2006, US/Germany/UK/Czech Republic, directed by Martin Campbell
It's no mean task to breathe new life into a franchise that's in its forties, but the producers cannily brought back several of the key personnel (most obviously director Martin Campbell) who dragged Bond into the modern era with 1995's Goldeneye, and give them further freedom to develop a new tone (with another new Bond). Where Pierce Brosnan's Bond played the smooth angle to the hilt (with Brosnan later trashing that image in films like The Matador), Daniel Craig (whose features might have typecast him as a Boer cop) brings back some of the raw thuggery of the first Bond films. The fights here are as brutal as the famous sequence which pitted Connery against Robert Shaw in a cramped train compartment in From Russia With Love and serve as a salutary reminder that violence, even in a Bond movie, shouldn't be taken too lightly. The early going also features some spectacular parkour stunt-work, performed by Sebastien Foucan who, unusually for a stunt player, gets an opening credit for his work.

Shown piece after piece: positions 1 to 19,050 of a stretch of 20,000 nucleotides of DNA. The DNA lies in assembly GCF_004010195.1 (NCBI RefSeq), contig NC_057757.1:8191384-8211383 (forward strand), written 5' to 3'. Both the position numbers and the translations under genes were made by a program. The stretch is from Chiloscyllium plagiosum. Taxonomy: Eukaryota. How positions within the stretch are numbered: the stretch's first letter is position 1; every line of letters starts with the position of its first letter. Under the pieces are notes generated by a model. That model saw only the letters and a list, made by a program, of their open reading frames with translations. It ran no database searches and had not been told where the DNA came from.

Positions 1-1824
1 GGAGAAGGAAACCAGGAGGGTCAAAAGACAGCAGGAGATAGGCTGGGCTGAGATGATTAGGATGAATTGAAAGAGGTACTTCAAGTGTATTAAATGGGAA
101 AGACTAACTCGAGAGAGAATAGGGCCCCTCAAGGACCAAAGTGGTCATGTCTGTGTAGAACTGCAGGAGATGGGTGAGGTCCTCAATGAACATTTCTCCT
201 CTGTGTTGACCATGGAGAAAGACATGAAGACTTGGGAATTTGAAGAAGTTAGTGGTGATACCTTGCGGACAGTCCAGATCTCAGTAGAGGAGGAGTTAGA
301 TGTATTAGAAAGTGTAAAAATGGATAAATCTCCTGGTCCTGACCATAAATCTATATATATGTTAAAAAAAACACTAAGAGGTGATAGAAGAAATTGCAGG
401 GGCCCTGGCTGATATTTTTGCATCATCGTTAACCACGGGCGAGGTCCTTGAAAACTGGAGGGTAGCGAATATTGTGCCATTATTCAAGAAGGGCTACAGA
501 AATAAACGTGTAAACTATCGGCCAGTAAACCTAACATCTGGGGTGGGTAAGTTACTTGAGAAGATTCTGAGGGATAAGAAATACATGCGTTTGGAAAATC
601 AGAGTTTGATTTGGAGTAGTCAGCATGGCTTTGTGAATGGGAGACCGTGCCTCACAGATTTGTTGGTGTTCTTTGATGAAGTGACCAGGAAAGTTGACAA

Just as the violence is a touch more realistic, the plotting focuses on a criminal banker whose interests lie in financial gain rather than the kind of world domination that became so laughably repetitive in previous entries; it's a refreshing return to earth, not least because it eliminates silly sequences in which Bond escapes from elaborately choreographed death and destruction. It takes some time to get used to Daniel Craig as Bond: he's not just new but genuinely different (as my wife commented, it's not hard to imagine that "James Bond" is itself a code name, just like 007, since there's no sense of a past history), but by the end of the film Craig has made the role convincingly his own. He's surrounded by an unusually good group of supporting actors, who are, crucially, given interesting things to do; Eva Green and Mads Mikkelsen are especially strong. The main flaw is length; like many recent Bond entries, Casino Royale overstays its welcome and there's a tacked-on sense to some of the closing sequences, where you constantly expect the closing credits to roll.